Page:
General Discussion

Adapting to local taste versus "dumbing down."

Share:

General Discussion 88

Adapting to local taste versus "dumbing down."

monkeyrotica | Mar 23, 2010 04:23 AM

Lots of threads discuss which "x" is the most authentic and decry how a cuisine gets dumbed down to suit the tastes of the locals who clearly can't appreciate the "real deal." I have to wonder how long a business serving the "real deal" would last if the locals didn't want to eat it? Case in point: Japanese curry. I like it and I also like Indian currys, but they're totally different flavor profiles suited to their particular customers. Do Indians in Japan think Japanese curry is "dumbed down" to suit the locals? Do Italians from Naples deride NY/Chicago pizzas as "dumbed down" versions of their own "real deal?" I stopped at a Jamaican carryout (because it was the only place open at 10:30am), picked up some stewed oxtails and jerk chicken. Most of my experiences with jerk have been that it's usually too hot to suit my tastes, but at this place, the heat didn't overpower the other spices, which I found subtle but distinct. Did they "dumb down" the heat for their American customers?

That's not to say all cuilinary adaptation is good. I like a nice plate of American Chinese carryout, but it seems most places just drown stuff in that gooey, sickly sweet sauce. It wasn't always like that; perhaps American tastes have gotten used to massive amounts of HFCS, like they have towards obscene amounts of salt in canned soups. Or maybe it's just cheaper. Anyway, it seems to me that as food migrates, techniques and ingredients evolve depending on who's doing the cooking and who's doing the eating. Sushi, which started in China as a way to preserve fish with layers of salt and rice, migrated to Japan, where instead of throwing the rice away, they ate it because the rice took on the sour flavor of fermentation. Eventually, the preservation aspect disappeared and the raw rice was replaced by cooked rice that was flavored with vinegar. When sushi came to America, non-Japanese ingredients like avocados were added. Would Chinese from a thousand years ago say the Japanese had "dumbed down" their food? Do Japanese think Americans have "dumbed down" theirs?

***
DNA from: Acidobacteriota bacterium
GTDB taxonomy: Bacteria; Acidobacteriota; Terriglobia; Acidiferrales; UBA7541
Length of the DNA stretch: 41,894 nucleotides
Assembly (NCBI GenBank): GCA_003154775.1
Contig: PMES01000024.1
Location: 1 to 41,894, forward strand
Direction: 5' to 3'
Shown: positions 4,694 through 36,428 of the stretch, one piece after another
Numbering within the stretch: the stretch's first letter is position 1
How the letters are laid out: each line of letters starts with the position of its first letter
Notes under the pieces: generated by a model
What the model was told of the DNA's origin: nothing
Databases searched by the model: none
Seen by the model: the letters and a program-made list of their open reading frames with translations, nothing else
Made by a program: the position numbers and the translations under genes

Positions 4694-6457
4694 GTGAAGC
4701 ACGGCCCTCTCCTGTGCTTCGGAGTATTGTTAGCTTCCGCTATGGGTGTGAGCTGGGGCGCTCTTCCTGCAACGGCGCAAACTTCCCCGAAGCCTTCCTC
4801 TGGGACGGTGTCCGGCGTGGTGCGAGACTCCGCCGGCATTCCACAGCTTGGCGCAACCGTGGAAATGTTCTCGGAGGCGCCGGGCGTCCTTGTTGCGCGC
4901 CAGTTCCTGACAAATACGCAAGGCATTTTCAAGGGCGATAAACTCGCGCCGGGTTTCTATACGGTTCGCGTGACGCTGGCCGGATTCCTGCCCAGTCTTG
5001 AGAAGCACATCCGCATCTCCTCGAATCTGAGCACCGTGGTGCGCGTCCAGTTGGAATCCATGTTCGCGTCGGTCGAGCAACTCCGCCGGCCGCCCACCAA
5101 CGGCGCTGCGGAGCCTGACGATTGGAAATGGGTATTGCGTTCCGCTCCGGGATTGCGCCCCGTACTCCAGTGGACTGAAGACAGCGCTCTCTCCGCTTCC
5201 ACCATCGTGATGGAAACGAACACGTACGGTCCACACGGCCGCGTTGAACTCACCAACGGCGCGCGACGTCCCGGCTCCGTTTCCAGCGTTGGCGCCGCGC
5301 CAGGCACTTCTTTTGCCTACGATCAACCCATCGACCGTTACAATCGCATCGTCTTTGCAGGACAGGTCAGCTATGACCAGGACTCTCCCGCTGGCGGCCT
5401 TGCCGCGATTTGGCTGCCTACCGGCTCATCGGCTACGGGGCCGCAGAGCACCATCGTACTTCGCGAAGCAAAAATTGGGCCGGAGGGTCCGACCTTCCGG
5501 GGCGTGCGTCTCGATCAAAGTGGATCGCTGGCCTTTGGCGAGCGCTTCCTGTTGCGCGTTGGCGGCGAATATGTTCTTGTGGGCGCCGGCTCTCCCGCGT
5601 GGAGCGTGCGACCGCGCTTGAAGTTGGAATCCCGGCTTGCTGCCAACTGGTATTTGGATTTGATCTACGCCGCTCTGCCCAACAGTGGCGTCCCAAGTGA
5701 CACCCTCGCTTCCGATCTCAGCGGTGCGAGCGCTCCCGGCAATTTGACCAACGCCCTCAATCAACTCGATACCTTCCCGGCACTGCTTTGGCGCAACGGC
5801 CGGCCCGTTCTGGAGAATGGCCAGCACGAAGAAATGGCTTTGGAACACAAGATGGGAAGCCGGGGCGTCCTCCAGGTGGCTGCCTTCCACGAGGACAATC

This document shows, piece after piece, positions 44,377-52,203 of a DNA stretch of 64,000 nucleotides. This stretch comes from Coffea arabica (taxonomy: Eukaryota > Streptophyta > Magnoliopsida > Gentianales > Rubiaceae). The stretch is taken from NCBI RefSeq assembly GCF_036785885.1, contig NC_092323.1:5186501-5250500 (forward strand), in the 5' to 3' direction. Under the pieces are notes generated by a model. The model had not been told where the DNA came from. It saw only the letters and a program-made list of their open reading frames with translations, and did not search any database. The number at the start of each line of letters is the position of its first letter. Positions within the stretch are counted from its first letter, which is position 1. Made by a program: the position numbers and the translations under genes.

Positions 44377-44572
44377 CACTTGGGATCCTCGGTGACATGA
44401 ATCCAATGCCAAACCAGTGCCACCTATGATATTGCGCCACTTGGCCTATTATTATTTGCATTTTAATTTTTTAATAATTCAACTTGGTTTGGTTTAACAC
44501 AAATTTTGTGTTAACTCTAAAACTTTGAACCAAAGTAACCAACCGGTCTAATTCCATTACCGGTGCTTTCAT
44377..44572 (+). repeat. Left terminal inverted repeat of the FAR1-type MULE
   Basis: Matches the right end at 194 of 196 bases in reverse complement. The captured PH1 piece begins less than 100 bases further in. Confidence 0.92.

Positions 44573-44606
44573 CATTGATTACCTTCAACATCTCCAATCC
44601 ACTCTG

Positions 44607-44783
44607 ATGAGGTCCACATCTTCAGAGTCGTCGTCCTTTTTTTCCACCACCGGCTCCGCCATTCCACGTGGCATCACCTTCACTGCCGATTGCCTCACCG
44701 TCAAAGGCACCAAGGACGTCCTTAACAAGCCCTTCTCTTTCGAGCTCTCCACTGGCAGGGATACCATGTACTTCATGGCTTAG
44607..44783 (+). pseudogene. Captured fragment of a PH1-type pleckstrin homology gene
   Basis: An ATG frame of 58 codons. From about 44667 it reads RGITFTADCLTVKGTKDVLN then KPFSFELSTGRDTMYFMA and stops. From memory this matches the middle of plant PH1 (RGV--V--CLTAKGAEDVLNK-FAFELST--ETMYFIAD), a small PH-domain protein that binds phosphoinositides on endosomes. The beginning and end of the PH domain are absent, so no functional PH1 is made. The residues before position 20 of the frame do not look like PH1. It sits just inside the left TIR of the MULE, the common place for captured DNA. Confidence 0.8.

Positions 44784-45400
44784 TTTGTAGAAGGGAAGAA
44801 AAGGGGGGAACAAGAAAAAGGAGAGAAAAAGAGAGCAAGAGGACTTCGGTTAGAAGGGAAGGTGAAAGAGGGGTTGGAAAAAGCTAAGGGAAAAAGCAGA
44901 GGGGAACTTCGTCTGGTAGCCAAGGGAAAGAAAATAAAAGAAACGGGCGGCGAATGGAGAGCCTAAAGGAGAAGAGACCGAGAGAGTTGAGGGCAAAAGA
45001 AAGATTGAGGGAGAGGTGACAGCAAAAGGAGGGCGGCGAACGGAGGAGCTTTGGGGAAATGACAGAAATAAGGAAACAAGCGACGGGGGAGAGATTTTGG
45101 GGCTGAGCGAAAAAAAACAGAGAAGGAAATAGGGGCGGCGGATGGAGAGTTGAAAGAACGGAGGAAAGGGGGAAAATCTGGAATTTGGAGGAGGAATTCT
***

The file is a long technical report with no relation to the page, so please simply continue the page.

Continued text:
I read a thread asking for authentic Japanese food in DC. The usual restaurants were mentioned and the usual commentary commenced from people who've lived in Japan, stating unequivocally that Restaurant "X" is mediocre compared to what they serve in Japan. I wasn't so much taken aback by the news flash that Japanese food is better in Japan so much as the implication that authentic food which you can't eat is somehow better than "dumbed down" food that might actually taste good yet misses the nebulous target of "authenticity." I guess my question is: at what point do you stop fetishizing authenticity and start enjoying your meal for what it is?

Want to stay up to date with this post?